Base contact 19 of first test relay 15 is electrically connected to the connecting line 22 of both safety relays 9, 10 by way of first line part 13. A voltage sensor 25 is connected to the idle contact 17 of test relay 15, the voltage sensor signaling the electrical voltage prevailing there to controlling device 3. Operating contact 18 of test relay 15 is electrically connected to base contact 19 of second test relay 16 via second line part 14. A further voltage sensor 26, connected to controlling device 3, is connected to line part 14 as well. Idle contact 17 of second test relay 16 is connected to safety power line 7 by way of first shunt line 11, namely upstream of first safety relay 9. Operating contact 18 of second test relay 16 is connected to safety power line 7 via second shunt line 12 downstream of second safety relay 10.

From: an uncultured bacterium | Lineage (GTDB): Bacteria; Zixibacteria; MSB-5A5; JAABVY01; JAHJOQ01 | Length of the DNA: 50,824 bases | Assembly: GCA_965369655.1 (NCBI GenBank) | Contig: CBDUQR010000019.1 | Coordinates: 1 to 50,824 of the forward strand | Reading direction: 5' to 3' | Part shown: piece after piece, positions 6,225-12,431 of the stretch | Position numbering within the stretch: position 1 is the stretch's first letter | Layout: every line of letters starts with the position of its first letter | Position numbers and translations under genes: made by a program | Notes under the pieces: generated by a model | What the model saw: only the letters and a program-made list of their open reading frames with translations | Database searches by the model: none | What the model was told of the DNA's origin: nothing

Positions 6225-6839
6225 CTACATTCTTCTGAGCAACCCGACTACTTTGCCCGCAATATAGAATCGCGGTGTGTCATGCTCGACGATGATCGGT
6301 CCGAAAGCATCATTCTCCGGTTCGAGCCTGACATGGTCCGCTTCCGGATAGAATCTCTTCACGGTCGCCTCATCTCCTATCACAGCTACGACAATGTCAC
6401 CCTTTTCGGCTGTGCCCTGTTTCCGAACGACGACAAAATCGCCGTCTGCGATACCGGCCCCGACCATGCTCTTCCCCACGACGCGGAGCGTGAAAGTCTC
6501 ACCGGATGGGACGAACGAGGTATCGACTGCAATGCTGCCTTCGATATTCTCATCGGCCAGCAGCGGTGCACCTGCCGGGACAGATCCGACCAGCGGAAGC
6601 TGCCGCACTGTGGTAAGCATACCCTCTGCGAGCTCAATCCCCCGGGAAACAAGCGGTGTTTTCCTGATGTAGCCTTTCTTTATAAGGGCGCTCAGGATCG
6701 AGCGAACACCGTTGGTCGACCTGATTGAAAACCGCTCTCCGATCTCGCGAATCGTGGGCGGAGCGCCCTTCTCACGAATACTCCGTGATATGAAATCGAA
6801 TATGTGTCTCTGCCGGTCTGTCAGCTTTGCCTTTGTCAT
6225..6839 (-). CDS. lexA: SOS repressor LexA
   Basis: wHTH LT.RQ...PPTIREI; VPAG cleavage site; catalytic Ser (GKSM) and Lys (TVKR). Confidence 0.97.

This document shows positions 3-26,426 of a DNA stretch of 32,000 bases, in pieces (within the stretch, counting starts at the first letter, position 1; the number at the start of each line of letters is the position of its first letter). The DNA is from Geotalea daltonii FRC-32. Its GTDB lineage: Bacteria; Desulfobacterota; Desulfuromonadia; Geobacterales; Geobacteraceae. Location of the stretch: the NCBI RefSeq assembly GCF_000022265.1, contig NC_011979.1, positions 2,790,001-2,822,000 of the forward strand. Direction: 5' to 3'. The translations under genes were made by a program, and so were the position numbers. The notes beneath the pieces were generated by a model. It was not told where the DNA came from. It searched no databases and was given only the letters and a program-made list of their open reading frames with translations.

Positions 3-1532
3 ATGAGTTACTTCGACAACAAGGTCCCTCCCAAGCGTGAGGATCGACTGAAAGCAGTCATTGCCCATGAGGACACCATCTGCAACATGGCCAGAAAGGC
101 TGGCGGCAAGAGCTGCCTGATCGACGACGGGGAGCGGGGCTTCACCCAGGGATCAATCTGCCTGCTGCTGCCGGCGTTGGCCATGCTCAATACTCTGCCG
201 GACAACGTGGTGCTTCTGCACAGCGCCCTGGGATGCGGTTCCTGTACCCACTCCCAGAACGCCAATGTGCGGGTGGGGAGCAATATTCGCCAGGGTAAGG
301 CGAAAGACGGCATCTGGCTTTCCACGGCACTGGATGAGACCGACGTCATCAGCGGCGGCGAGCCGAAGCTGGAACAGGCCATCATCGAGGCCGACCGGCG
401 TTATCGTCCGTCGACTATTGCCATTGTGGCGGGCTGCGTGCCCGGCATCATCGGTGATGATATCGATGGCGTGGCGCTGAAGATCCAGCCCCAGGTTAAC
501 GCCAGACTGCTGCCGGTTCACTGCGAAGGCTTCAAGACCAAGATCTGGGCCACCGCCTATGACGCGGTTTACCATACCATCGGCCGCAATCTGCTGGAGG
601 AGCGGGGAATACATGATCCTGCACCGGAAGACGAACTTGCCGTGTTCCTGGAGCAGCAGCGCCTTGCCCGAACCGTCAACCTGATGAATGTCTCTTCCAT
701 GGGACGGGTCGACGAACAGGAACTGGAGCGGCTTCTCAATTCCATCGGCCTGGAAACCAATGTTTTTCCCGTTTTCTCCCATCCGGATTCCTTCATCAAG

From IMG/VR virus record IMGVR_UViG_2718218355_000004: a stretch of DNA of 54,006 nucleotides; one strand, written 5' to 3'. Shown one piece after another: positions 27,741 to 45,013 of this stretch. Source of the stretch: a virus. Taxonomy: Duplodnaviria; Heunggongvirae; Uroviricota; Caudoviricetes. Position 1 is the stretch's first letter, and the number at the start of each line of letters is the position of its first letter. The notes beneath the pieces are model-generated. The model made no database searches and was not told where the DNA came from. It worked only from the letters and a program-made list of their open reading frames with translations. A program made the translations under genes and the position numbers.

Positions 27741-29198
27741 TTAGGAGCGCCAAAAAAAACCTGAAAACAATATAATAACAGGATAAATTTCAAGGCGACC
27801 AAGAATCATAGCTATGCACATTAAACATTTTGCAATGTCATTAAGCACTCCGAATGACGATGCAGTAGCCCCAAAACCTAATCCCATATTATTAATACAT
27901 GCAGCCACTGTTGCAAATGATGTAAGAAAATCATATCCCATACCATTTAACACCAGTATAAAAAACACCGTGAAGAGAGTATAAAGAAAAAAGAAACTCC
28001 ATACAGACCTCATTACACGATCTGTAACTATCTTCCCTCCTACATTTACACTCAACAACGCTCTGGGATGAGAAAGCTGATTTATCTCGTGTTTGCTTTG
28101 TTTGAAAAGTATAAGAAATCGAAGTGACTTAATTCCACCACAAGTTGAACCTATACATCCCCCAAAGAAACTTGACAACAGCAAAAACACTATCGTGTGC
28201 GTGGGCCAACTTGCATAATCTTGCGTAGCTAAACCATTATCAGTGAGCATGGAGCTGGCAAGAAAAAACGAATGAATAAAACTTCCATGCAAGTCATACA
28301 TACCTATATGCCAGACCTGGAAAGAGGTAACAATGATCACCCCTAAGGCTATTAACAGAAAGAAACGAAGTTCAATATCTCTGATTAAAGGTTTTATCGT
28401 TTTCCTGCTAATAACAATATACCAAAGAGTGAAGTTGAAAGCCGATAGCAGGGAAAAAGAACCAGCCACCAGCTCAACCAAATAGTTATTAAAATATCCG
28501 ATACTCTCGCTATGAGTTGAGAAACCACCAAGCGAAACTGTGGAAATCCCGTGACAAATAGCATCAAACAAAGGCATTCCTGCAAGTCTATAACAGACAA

If an electrical voltage is applied to idle contacts 17 of the two safety relays 9, 10 or of test relay 15, or to line part 14, this voltage is the voltage of safety power line 7. This voltage is frequently the operating voltage of the general power main, for example 230 volts. Opto-coupling elements, which are provided as voltage sensors 23 to 26, detect this voltage. The opto-coupling elements first convert the applied voltage into a light signal. Based on this light signal, the opto-coupling elements then form an electrical signal with a low voltage suitable for the switching device 3, e.g. of 5 volts. Decoupling takes place in this way, i.e. complete electrical separation between the higher and the lower voltages, which is advantageous for the functional safety.